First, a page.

By Paula Hendrickson
Like millions of Americans, I’ve been known to follow a soap opera or two. I often watch Days of Our Lives while I have lunch. At some point, I started turning to ABC’s One Life to Live during commercials. Now, I flip back and forth between the two shows so much, I sometimes forget which characters are in Llanview and which live in Salem.
When I heard about E!’s new reality show, Dirty Soap — executive produced by former soap stars Kelly Ripa and her husband Mark Consuelos — I had to watch. Why? The cast includes several Days actors:
• Brandon Beemer (Owen, CBS’ The Bold and the Beautiful; ex-Shawn Douglas Days of Our Lives)
• Nadia Bjorlin (ex-Chloe, Days of Our Lives)
• Farah Fath (Gigi, One Life to Live; ex-Mimi; Days of Our Lives)
• Galen Gering (Rafe, Days of Our Lives)
• John-Paul Lavoisier (Rex, One Life to Live)
• Kelly Monaco (Sam, General Hospital)
• Kirsten Storms (Maxie, General Hospital; ex-Belle, Days of Our Lives)
Storms, Fath and Bjorlin started out together on Days, and form the core of the cast. Beemer and Bjorlin are a real-life couple, as are Fath and Lavoisier. Storms and Monaco work together on GH. The only odd man out is Gering. He’s the only actor still currently on Days (Bjorlin’s final appearance was earlier this month), and he’s the only family man among the cast. Of course, that led to a funny scene when one of his young sons happened to see a scene from Days and asked, “Why is Daddy kissing Ben’s mommy?”
After viewing two episodes, a funny thing happened: my opinions about several of the actors flip-flopped. I never really cared for Bjorlin’s character on Days and assumed Bjorlin would be a high-maintenance diva (after all, she really is an opera singer). She’s not exactly low-maintenance, but she’s a lot funnier and more likable as herself, and unabashedly enjoys food, especially her mother’s cooking.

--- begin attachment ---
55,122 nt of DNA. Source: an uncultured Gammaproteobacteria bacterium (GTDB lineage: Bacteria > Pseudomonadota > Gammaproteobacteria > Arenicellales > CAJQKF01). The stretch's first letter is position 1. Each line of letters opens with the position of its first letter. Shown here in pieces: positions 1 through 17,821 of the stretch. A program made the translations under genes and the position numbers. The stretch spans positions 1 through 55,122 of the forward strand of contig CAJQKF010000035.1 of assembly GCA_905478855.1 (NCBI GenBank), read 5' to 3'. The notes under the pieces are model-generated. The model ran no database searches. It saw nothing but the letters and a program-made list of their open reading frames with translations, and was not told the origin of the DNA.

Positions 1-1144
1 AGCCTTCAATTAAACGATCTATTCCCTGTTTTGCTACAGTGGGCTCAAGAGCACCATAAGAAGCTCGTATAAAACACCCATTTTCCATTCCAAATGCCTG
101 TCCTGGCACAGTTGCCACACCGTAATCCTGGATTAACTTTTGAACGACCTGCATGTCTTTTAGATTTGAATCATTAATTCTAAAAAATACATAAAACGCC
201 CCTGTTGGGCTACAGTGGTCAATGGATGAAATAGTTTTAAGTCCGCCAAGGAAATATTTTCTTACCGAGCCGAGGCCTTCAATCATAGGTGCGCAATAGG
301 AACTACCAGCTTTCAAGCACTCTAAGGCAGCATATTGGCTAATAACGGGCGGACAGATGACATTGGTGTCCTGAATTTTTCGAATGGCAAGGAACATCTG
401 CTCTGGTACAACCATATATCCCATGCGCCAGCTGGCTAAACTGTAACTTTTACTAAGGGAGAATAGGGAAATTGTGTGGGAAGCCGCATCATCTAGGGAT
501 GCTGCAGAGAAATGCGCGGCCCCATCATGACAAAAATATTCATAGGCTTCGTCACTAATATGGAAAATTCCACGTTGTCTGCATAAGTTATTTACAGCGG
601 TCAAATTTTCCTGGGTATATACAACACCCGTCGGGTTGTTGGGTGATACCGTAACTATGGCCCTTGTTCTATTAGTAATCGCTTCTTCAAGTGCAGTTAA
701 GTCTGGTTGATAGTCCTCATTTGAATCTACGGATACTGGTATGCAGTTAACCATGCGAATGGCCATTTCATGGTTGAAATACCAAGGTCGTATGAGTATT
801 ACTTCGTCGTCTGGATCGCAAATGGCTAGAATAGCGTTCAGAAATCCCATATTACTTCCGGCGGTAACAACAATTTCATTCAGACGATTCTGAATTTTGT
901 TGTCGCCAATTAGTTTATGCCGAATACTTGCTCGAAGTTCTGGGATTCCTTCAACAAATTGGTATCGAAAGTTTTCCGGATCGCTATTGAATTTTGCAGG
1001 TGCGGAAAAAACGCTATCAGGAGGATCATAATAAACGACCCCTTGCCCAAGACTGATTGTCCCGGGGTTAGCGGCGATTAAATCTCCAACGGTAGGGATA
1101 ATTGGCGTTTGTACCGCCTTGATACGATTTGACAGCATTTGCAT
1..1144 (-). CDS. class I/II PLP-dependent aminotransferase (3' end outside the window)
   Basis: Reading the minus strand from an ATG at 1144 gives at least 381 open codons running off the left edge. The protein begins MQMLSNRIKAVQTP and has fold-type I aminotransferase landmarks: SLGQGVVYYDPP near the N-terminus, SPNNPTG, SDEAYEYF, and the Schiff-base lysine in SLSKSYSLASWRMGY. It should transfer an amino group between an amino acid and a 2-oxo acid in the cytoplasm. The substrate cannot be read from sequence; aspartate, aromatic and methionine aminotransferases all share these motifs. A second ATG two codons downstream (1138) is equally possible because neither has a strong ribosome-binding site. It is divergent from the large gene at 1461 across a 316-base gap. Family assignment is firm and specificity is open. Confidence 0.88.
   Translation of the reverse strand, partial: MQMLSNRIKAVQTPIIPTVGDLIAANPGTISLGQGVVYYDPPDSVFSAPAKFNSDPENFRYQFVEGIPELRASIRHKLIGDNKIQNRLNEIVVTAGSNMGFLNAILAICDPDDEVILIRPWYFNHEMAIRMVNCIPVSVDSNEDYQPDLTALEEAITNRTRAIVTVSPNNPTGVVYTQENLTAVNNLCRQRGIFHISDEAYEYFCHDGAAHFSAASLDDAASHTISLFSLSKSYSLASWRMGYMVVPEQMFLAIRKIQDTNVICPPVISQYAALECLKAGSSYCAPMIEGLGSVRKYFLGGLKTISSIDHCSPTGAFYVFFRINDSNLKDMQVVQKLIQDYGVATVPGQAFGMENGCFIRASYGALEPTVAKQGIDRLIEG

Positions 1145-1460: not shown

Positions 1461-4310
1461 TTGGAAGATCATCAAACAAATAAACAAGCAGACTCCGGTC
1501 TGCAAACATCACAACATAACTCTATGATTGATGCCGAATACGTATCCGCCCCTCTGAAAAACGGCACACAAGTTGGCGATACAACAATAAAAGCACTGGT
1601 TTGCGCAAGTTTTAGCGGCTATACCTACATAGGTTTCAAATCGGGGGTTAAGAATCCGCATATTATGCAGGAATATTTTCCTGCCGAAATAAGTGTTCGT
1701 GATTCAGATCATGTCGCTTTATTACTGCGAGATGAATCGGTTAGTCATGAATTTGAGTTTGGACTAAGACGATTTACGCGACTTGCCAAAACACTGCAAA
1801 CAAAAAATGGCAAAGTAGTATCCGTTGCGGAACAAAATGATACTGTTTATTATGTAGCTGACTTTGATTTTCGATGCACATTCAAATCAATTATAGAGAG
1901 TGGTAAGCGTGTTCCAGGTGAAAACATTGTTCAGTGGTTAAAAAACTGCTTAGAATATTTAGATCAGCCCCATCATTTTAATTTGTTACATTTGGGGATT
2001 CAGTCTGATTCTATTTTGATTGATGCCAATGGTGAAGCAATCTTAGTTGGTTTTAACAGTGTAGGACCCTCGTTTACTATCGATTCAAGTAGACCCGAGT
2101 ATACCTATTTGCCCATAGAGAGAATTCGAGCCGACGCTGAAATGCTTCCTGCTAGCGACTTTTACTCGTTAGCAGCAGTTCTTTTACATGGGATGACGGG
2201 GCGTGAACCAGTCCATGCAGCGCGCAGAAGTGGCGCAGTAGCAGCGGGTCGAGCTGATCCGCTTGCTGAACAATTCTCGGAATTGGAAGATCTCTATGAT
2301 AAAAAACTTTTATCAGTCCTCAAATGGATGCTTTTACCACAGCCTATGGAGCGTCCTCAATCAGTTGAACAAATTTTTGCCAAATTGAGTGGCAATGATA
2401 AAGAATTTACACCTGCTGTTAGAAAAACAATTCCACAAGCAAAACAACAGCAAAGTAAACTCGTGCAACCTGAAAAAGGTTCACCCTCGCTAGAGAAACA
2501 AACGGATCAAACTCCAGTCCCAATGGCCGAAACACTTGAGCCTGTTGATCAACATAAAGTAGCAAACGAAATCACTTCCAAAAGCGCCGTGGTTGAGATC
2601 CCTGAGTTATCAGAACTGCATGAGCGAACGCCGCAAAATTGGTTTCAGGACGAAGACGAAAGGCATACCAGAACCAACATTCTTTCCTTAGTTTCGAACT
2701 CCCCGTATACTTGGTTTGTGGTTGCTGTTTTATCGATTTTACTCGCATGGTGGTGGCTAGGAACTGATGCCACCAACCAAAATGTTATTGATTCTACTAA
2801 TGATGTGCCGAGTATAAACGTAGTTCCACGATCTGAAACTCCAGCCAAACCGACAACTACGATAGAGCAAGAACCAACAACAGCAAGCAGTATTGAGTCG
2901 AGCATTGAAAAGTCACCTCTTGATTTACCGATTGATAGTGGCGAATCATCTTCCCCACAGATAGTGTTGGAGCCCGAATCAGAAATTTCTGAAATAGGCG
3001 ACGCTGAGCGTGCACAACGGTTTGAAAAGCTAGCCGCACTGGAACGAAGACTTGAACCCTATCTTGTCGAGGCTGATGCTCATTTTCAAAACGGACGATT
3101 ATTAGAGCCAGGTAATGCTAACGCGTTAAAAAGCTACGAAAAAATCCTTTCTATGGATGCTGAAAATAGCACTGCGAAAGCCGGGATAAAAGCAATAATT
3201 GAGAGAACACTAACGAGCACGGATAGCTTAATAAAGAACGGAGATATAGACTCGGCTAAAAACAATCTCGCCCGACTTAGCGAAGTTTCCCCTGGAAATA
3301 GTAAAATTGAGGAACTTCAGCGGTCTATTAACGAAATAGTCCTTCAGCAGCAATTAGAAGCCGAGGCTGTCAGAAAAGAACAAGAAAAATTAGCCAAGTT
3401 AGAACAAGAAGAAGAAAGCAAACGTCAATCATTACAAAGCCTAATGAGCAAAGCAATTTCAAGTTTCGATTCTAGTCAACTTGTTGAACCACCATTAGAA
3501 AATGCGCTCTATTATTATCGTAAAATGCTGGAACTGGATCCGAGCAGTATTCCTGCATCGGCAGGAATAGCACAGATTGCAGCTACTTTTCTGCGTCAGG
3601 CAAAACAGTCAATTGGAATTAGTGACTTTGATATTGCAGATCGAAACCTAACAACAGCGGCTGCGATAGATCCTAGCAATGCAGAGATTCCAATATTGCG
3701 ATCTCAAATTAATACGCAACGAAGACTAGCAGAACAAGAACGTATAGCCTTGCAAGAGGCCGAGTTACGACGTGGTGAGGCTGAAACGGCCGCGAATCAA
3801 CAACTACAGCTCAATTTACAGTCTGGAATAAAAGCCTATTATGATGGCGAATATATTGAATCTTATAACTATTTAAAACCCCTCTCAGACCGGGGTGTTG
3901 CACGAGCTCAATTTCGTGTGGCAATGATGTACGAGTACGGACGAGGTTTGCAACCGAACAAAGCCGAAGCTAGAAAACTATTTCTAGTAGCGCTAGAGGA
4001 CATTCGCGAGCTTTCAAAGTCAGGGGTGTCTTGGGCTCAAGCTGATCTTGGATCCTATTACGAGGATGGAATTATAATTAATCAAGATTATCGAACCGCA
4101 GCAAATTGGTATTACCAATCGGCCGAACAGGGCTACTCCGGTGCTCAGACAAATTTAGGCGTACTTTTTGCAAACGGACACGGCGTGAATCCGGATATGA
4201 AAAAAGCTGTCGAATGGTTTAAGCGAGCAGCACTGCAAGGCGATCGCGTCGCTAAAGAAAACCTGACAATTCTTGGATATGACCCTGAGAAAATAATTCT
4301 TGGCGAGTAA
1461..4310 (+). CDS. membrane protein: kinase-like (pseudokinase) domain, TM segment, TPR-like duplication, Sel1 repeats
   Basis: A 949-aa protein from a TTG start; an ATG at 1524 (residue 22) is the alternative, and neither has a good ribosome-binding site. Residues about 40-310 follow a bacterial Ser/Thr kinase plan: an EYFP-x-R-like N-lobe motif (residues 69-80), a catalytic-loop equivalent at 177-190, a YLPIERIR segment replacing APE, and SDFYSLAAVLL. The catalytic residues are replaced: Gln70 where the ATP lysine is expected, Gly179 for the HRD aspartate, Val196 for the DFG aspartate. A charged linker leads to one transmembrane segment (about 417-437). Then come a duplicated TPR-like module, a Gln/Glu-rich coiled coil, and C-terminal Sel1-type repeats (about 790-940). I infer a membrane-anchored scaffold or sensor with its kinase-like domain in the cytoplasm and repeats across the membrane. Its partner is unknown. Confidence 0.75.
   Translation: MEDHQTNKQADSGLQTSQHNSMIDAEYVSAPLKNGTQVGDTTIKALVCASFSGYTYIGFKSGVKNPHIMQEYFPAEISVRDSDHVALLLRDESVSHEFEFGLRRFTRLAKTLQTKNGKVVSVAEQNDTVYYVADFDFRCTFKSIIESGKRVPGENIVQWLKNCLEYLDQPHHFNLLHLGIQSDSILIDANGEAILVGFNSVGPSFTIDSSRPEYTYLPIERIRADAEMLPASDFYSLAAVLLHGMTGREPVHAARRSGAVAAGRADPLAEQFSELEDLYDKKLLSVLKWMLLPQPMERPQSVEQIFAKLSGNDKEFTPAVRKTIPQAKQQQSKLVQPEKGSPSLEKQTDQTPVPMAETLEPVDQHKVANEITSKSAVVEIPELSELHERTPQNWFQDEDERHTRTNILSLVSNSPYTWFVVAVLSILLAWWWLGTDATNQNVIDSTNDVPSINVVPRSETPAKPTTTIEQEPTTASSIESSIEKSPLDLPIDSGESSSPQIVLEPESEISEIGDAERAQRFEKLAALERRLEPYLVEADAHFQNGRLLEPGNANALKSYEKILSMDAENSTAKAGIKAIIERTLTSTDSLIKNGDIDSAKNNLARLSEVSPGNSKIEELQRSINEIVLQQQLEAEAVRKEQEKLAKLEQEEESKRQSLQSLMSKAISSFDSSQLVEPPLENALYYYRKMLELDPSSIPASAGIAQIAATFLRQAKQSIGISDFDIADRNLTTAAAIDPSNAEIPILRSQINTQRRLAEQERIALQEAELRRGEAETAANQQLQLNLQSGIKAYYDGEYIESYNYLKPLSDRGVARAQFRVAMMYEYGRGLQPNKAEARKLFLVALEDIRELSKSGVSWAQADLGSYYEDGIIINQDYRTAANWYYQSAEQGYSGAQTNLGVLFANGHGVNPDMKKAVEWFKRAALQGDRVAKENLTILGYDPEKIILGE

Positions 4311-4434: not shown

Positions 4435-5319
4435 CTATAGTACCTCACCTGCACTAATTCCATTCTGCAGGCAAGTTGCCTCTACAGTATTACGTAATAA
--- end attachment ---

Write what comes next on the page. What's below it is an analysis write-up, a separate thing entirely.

Fath and Storms seemed fun and self-effacing in past interviews, but come across on Dirty Soap as domineering control freaks. Some people compare Fath’s hair to Kate Gosselin’s old ’do, but their attitudes seem more alike than their hair. To be fair, Fath and Storms both have tender and funny moments on the show, too.
In the second episode, Storms alluded to a fracture within her family (apparently, her brother is the only one she currently speaks with). She said she supported her family as a teen actress, and one day she came home to find her mother had kicked her out. Was I the only one listening to that thinking: “If they were such mooches, why did they kick out the breadwinner? I’d love to hear her mom’s side of the story!” (A future episode, perhaps? “Kirsten Makes Up with Mom.”)
So far, the guys on the show have come across as fairly agreeable. For Lavoisier, it can’t be easy with Fath calling all of the shots: We’re moving to LA. We’re buying a house, whether you like it or not. This is how it’s going to be. Deal with it.
Granted, most “reality shows” are heavily scripted and edited to make everyday conversations seem overly dramatic. Perhaps Fath and Storms are being painted as the villains. Maybe producers are showing Lavoisier being henpecked to build tension until he finally blows. If you want a glimpse at the well-rehearsed “real” lives of these people, or just enjoy mocking so-called celebrities, tune in. If not, save yourself the trouble of watching Dirty Soap.
Dirty Soap airs on E! Sunday nights at 9:30 p.m.
Paula Hendrickson is a regular contributor to Emmy magazine and Variety, and has been published in numerous national publications, including American Bungalow, Television Week and TVGuide. Follow her on Twitter at P_Hendrickson and send your suggestions to firstname.lastname@example.org.
From the Oct. 12-18, 2011, issue